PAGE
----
The sweetest thing: Ben & Jerry’s CEO on why businesses need a higher purpose
What is the purpose of business? Should companies focus purely on selling their products and making money for their shareholders, or do they have a responsibility to give something back to the planet and try to do good?
It’s a pertinent question, and one that has become increasingly relevant over the last decade. Nor is it only small startups and social enterprises that care about the value they create beyond money — big companies are wrestling with this question too.
It’s certainly a topic that Matthew McCarthy, chief executive of ice cream giant Ben & Jerry’s since 2018, cares passionately about.
“If you don’t make it clear what you’re doing to make the world a better place and to tackle a specific social or climate issue, you’re probably in more trouble than you know,” he tells me when we talk (sadly, not over ice cream). He adds that having a purpose has become essential for business.
“I think the demise of so many big brands is due at least in part to consumers saying ‘that business doesn’t do anything, all it does is sell stuff’. I think we’ve entered an exciting time where business can play a big role, and I’m not convinced that all business owners have woken up to that.”
Ben & Jerry’s was founded by Ben Cohen and Jerry Greenfield in Vermont in 1978. The pair grew the company and eventually sold it to the multinational giant Unilever in 2000. Last year, it took the number one market position in packaged ice cream in the US for the first time. But the company almost didn’t make it.
McCarthy points out that Cohen and Greenfield “picked one of the coldest places in the United States to start an ice cream company. Neither of them knew anything about running a business (they literally paid $5 for a correspondence course from the government on how to make ice cream), so the fact that they survived their first year, let alone kept going after 41 years, is a great entrepreneurial thing. It inspires me all the time.”
When McCarthy — a 21-year veteran at Unilever — became chief executive of the brand, he pledged to double its social impact. In 2019, it generated over a billion media impressions for its various social missions.
Ben & Jerry’s is well known for its commitment to social progress. In 2012, it became a certified Benefit Corporation, or “B Corp” — a type of company that balances profit with purpose and meets a high standard of social and environmental impact. Causes it has championed include fairtrade, LGBTQ equality, and climate justice.
For the past few years, the company has focused on supporting refugees and asylum seekers around the world. Its latest effort is the launch of a new product, Cone Together, designed to draw attention to the issues facing displaced people.
“About three years ago, we started putting the weight of our business to supporting refugee and asylum seeker rights,” explains McCarthy. “What we saw happening — and it continues to this day — is the tremendous explosion in the growth of refugees and the forced resettlement of immigrants globally, and at the same time a dangerous rise of anti-refugee sentiment and xenophobic attitudes.”
But how can an ice cream company help with such a complex geopolitical issue? It can’t — not on it’s own anyway. When embarking on social campaigns, Ben & Jerry’s works with charities and NGOs, and has a team of professional activists on staff.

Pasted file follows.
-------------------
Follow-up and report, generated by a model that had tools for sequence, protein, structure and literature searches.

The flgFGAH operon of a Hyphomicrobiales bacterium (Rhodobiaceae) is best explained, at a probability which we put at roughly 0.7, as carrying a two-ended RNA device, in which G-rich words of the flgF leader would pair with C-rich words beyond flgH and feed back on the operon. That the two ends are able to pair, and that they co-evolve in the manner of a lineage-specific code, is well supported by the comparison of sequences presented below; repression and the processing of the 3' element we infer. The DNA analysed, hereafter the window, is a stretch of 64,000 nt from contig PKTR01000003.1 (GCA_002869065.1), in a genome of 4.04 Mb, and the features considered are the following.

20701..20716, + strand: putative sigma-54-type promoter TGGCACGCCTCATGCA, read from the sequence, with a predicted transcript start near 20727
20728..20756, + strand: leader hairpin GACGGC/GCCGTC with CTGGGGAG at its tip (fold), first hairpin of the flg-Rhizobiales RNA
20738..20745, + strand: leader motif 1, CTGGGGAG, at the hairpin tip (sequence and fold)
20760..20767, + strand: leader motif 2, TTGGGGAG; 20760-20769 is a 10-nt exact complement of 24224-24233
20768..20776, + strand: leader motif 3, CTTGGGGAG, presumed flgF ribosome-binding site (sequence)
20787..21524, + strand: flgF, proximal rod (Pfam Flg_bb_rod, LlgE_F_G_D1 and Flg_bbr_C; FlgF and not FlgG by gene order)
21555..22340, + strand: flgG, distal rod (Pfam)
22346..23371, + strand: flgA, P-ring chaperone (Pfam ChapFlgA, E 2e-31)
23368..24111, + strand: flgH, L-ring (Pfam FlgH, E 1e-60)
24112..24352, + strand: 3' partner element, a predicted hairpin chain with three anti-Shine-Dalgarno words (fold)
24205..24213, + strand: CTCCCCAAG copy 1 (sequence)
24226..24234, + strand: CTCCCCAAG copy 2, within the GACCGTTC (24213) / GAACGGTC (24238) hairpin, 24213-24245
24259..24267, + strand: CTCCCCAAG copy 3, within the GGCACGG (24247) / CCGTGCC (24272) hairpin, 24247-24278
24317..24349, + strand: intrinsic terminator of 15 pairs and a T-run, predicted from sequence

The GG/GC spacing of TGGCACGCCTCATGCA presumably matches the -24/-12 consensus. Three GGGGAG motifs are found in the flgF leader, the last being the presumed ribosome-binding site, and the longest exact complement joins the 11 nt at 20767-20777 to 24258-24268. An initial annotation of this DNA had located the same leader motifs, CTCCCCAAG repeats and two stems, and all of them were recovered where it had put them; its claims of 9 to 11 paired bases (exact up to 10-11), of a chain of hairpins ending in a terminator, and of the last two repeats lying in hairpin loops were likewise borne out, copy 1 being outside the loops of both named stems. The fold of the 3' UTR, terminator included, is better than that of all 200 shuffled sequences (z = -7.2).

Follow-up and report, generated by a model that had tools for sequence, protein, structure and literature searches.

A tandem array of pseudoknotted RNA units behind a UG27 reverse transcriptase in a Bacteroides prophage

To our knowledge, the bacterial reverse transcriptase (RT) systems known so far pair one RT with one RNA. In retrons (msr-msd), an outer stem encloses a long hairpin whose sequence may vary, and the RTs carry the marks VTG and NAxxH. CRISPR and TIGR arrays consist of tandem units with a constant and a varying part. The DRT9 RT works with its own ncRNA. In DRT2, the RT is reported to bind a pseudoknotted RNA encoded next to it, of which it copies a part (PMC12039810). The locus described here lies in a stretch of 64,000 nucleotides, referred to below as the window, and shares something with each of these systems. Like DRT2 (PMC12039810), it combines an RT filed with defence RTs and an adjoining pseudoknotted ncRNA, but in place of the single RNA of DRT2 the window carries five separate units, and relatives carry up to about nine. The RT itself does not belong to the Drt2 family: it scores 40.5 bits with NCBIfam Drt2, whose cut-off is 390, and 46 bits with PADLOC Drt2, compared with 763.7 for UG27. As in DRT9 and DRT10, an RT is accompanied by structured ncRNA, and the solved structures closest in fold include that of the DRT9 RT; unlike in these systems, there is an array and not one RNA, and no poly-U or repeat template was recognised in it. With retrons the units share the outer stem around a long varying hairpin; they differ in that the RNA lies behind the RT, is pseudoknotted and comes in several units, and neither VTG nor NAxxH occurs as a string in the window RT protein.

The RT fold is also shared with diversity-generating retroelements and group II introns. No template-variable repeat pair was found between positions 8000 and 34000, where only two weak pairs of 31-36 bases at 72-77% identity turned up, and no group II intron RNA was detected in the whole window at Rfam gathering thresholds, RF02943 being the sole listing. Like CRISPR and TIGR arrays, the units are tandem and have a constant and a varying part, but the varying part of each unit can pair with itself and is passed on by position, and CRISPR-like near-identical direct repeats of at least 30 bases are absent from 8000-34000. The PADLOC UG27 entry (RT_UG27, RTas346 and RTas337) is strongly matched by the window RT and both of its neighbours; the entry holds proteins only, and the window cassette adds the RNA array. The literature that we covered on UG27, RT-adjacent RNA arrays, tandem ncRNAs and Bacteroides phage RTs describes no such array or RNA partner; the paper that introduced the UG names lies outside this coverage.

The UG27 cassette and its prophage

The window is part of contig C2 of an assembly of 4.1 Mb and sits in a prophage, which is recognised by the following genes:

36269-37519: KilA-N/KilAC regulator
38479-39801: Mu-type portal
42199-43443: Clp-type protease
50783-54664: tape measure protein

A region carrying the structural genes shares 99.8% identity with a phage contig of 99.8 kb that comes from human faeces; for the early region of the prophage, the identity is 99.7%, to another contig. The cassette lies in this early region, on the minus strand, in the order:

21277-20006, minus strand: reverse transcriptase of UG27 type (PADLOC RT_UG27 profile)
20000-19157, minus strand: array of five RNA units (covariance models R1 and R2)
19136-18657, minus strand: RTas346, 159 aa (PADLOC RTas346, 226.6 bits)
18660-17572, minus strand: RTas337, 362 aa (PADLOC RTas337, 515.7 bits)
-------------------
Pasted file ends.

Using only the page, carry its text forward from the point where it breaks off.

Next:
“We’re bringing the power of our business — our fans, marketing, and social media — to a topic, while the NGOs bring expertise, the understanding of policy, and particularly the understanding of grassroot and community-orientated social impact campaigns,” he says. “What we try to do is take the leverage of our business — whether that’s our ice cream, our fans, or our bully pulpit — to support activism.”
This stance is not immune to criticism. Many argue that a company’s duty is to its shareholders and customers, and it should not be distracted from its core business functions by getting involved in other causes.
I ask McCarthy how he responds to such criticism, which he says he gets asked about a lot.
“If you believe that purpose is important to business, and you’re willing to put yourself out there for something, knowing that not everyone’s going to agree with it, then you’re going to get some criticism,” he admits. “So while we don’t set out to anger, offend or upset anybody, getting criticism is par for the course. It tells me that we’re not trying to be all things to all people. No business can be. One of my activists likes to say ‘I’d rather be loved by a few, than marginally liked by many’.”
Turning to business, I ask about the outlook for the ice cream industry, especially in light of healthy eating trends and headwinds like the UK sugar tax, which is currently only applied to soft drinks but could potentially be extended to more products.
“What’s happening in the ice cream market is that people want higher quality ice cream — that’s been a key growth driver. People are not seeking larger quantities of lower quality ice cream, they’re looking for low quantities of really good stuff. That’s why Ben & Jerry’s, and a lot of other premium or gourmet ice cream brands, are growing. I do think we need to keep an eye on health trends,” McCarthy says.
The cynic inside me wonders if the company’s focus on social causes is to deflect criticism over what its products have done to our teeth and waistlines. But McCarthy seems to sincerely believe what he is saying.
There are big problems in the world that cannot be solved by governments and NGOs alone. At the same time, public trust in business has been shaken in recent years. Perhaps by finding and integrating a purpose, businesses can start to restore that trust and do some good along the way.
Main image credit: Ben & Jerry’s